But it’s worth it. It’s like doing something about the backyard and letting go of the distraction or dismay of having to clean it up again when the wind blows and the trees drop their leaves and twigs.

And one feels better afterward.


David I. Karp is a full time independent mediator of real estate and business disputes in Southern California. His business website is at .

*This post is marked “Advertisement” in order to comply with the State Bar’s Rules of Professional conduct if applicable.

Turning Back the Clock or Setting it Ahead


Last night Daylight Savings Time ended and we turned back our clocks one hour. Today, my wife and I awoke early but after daylight, unlike yesterday. Tonight it will be dark before dinner.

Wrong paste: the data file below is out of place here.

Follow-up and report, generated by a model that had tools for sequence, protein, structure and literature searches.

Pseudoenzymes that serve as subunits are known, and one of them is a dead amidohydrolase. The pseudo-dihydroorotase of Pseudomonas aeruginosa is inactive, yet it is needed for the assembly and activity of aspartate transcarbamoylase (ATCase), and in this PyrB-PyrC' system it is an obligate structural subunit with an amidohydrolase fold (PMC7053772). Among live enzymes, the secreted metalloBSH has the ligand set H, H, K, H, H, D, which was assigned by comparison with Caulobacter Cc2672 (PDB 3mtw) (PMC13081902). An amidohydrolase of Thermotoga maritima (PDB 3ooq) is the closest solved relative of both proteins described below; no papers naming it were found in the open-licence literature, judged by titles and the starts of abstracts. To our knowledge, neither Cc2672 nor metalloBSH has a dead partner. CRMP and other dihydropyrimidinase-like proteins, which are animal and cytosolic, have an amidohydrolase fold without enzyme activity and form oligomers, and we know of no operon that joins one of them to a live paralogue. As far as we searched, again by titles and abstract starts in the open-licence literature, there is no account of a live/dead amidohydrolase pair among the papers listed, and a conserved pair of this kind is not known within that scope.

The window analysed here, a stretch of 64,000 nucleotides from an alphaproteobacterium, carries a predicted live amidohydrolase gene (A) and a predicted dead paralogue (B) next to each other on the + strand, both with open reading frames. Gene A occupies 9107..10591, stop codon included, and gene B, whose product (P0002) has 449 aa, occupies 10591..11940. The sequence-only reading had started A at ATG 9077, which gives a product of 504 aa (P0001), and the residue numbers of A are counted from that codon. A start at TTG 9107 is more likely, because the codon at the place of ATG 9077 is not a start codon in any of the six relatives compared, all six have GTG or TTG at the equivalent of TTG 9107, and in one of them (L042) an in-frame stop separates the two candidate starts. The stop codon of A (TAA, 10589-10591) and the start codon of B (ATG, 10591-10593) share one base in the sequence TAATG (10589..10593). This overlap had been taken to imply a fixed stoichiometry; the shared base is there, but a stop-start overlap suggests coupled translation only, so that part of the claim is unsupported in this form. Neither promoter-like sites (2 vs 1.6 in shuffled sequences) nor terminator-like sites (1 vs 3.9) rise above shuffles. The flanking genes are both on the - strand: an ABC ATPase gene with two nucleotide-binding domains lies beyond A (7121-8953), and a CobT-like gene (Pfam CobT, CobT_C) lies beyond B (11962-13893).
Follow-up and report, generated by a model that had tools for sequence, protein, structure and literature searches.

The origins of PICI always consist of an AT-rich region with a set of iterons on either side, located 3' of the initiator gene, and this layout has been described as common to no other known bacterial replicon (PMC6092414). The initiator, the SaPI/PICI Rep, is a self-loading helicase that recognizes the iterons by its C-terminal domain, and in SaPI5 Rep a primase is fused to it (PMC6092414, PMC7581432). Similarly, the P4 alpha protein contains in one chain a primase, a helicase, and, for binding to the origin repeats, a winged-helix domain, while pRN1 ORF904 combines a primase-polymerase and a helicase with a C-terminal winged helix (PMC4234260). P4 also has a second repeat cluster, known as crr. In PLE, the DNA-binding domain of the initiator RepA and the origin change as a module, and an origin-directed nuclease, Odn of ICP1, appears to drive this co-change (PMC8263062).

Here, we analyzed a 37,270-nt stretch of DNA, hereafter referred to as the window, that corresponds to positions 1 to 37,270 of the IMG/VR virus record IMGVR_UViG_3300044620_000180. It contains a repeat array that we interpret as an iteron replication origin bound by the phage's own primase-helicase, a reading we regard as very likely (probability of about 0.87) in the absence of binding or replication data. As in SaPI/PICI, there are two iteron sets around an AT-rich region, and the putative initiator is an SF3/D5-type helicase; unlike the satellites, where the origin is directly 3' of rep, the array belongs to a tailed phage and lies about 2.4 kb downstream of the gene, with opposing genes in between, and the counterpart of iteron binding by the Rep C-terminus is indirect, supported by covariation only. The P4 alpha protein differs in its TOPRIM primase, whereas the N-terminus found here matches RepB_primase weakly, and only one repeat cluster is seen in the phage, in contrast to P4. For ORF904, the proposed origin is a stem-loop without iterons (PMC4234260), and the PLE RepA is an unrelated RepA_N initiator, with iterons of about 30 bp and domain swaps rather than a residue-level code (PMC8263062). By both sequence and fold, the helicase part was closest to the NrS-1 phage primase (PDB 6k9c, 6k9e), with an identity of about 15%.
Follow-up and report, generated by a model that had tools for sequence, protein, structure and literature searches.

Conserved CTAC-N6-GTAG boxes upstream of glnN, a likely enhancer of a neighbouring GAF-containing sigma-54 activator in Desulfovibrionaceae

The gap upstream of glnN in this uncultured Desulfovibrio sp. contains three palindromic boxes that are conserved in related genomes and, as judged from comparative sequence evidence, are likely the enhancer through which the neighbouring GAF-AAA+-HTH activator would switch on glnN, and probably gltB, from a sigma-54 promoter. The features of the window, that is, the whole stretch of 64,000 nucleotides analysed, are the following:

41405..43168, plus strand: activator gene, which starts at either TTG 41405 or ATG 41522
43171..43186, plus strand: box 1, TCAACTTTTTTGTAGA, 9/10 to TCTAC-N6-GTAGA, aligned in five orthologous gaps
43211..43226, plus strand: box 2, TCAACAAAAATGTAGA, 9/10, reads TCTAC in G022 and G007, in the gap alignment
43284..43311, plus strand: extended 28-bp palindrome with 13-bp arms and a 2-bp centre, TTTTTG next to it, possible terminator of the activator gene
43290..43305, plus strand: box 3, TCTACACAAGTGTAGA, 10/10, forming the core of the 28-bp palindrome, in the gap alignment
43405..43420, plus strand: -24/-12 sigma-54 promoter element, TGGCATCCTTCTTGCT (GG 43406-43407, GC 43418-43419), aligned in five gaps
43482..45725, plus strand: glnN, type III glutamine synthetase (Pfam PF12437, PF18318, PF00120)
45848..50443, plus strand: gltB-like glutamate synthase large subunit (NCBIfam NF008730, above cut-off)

We have a new perspective on the day.

In mediation, our goal as mediators is to help the disputants change their perspectives, too, but about the conflict, to help them move toward peace.

This may involve changing the time.

As if we were setting back the clock, we can ask: “What was it like for you and him/her/them before the dispute arose?” and “Wouldn’t it be nice/good/helpful/beneficial to have that feeling again?”

As if setting the clock ahead (in the springtime), we could ask: “What would it be like for you to wake up to a new day AFTER the conflict has ended?”

(Of course, some people don’t want to give up the all-consuming fight, or they will have nothing to fill their day or talk about, so we have to test the waters on this potential outcome.)

Nevertheless, in asking these questions (if appropriate), we hope that the litigant will foresee or at least consider the possibility of experiencing some sense of tranquility, without the angst of the fight in which he or she is engaged.

If so, these kinds of questions might help to refocus on what can be regained after making a settlement which provides some relief and resolves the dispute.